Asunto(s)
Neoplasias de la Mama/psicología , Consejo/métodos , Dieta/psicología , Supervivencia sin Enfermedad , Ejercicio Físico/psicología , Femenino , Humanos , Estilo de Vida , Persona de Mediana Edad , Recurrencia Local de Neoplasia/psicología , Cooperación del Paciente/psicología
2.
Integr Cancer Ther ; 15(3): 250-62, 2016 09.
Artículo en Inglés | MEDLINE | ID: mdl-26867802

RESUMEN

Hypothesis This study examines moderators and mediators of a yoga intervention targeting quality-of-life (QOL) outcomes in women with breast cancer receiving radiotherapy.Methods Women undergoing 6 weeks of radiotherapy were randomized to a yoga (YG; n = 53) or stretching (ST; n = 56) intervention or a waitlist control group (WL; n = 54). Depressive symptoms and sleep disturbances were measured at baseline. Mediator (posttraumatic stress symptoms, benefit finding, and cortisol slope) and outcome (36-item Short Form [SF]-36 mental and physical component scales [MCS and PCS]) variables were assessed at baseline, end-of-treatment, and 1-, 3-, and 6-months posttreatment. Results Baseline depressive symptoms (P = .03) and sleep disturbances (P < .01) moderated the Group × Time effect on MCS, but not PCS. Women with high baseline depressive symptoms in YG reported marginally higher 3-month MCS than their counterparts in WL (P = .11). Women with high baseline sleep disturbances in YG reported higher 3-months MCS than their counterparts in WL (P < .01) and higher 6-month MCS than their counterparts in ST (P = .01). YG led to greater benefit finding than ST and WL across the follow-up (P = .01). Three-month benefit finding partially mediated the effect of YG on 6-month PCS. Posttraumatic stress symptoms and cortisol slope did not mediate treatment effect on QOL. Conclusion Yoga may provide the greatest mental-health-related QOL benefits for those experiencing pre-radiotherapy sleep disturbance and depressive symptoms. Yoga may improve physical-health-related QOL by increasing ability to find benefit in the cancer experience.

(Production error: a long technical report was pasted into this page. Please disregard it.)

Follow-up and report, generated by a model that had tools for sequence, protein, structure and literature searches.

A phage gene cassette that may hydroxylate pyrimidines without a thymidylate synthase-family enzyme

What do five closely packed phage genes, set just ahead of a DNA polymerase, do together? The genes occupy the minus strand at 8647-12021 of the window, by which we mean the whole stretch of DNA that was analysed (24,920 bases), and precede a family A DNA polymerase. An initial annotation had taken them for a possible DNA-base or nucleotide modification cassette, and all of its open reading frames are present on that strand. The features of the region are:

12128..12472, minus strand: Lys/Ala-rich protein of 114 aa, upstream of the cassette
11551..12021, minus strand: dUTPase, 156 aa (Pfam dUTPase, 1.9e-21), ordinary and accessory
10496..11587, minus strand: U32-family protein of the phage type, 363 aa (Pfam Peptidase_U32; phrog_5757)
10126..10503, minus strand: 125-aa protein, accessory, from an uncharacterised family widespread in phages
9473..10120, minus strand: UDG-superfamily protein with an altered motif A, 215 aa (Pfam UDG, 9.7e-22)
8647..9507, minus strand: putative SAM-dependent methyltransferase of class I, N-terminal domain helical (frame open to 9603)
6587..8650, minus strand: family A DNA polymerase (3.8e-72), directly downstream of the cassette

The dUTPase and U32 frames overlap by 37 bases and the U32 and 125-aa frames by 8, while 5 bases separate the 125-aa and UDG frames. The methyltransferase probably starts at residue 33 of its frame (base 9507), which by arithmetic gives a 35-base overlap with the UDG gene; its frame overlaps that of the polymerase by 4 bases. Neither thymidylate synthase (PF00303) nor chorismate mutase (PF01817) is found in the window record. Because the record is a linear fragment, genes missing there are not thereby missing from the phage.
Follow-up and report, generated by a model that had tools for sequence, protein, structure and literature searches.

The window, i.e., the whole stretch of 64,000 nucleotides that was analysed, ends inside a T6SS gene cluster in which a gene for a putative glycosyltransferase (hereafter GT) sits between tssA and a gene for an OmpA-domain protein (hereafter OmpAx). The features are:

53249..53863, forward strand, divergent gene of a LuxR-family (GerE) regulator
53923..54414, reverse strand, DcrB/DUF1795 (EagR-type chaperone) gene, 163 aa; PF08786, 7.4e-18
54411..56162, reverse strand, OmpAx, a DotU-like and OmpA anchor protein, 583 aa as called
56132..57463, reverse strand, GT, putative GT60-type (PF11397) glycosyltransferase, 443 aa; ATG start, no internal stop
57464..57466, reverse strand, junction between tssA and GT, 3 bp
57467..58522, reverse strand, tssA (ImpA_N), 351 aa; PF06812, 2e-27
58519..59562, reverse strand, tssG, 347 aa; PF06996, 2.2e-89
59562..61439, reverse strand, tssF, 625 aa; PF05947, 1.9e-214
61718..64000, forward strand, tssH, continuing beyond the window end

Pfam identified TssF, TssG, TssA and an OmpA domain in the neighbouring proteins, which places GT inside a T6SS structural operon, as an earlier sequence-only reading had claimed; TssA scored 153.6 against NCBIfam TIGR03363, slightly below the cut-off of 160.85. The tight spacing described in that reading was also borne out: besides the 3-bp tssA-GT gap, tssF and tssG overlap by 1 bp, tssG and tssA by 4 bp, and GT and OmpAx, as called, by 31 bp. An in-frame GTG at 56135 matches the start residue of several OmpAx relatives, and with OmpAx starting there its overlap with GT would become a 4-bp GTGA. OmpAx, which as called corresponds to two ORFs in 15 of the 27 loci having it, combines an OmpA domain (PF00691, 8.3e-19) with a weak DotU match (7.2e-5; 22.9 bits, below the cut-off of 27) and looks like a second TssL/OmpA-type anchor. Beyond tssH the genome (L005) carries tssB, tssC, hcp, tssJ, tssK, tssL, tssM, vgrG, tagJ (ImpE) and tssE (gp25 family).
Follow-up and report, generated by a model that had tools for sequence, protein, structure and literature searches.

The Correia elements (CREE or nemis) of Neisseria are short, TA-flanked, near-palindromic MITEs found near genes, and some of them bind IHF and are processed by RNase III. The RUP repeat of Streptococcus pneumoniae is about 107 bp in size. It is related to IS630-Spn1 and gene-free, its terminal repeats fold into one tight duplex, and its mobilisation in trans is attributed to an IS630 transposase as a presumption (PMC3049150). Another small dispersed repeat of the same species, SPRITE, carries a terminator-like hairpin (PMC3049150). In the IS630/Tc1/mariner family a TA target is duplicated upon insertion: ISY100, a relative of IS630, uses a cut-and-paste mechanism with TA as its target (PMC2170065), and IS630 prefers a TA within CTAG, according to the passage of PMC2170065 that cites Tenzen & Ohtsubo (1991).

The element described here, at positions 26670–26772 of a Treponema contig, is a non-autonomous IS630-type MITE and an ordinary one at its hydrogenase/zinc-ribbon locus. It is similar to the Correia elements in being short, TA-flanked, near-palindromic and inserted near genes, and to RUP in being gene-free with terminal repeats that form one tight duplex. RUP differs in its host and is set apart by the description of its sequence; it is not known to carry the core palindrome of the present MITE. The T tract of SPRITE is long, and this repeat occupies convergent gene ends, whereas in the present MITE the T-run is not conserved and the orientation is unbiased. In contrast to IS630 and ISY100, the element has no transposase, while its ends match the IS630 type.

Asunto(s)
Neoplasias de la Mama/psicología , Neoplasias de la Mama/radioterapia , Meditación/psicología , Yoga/psicología , Neoplasias de la Mama/metabolismo , Depresión/metabolismo , Depresión/psicología , Fatiga/psicología , Femenino , Humanos , Hidrocortisona/metabolismo , Persona de Mediana Edad , Calidad de Vida , Trastornos del Sueño-Vigilia/metabolismo , Trastornos del Sueño-Vigilia/psicología
3.
Cancer ; 121(22): 3948-58, 2015 Nov 15.
Artículo en Inglés | MEDLINE | ID: mdl-26281028

RESUMEN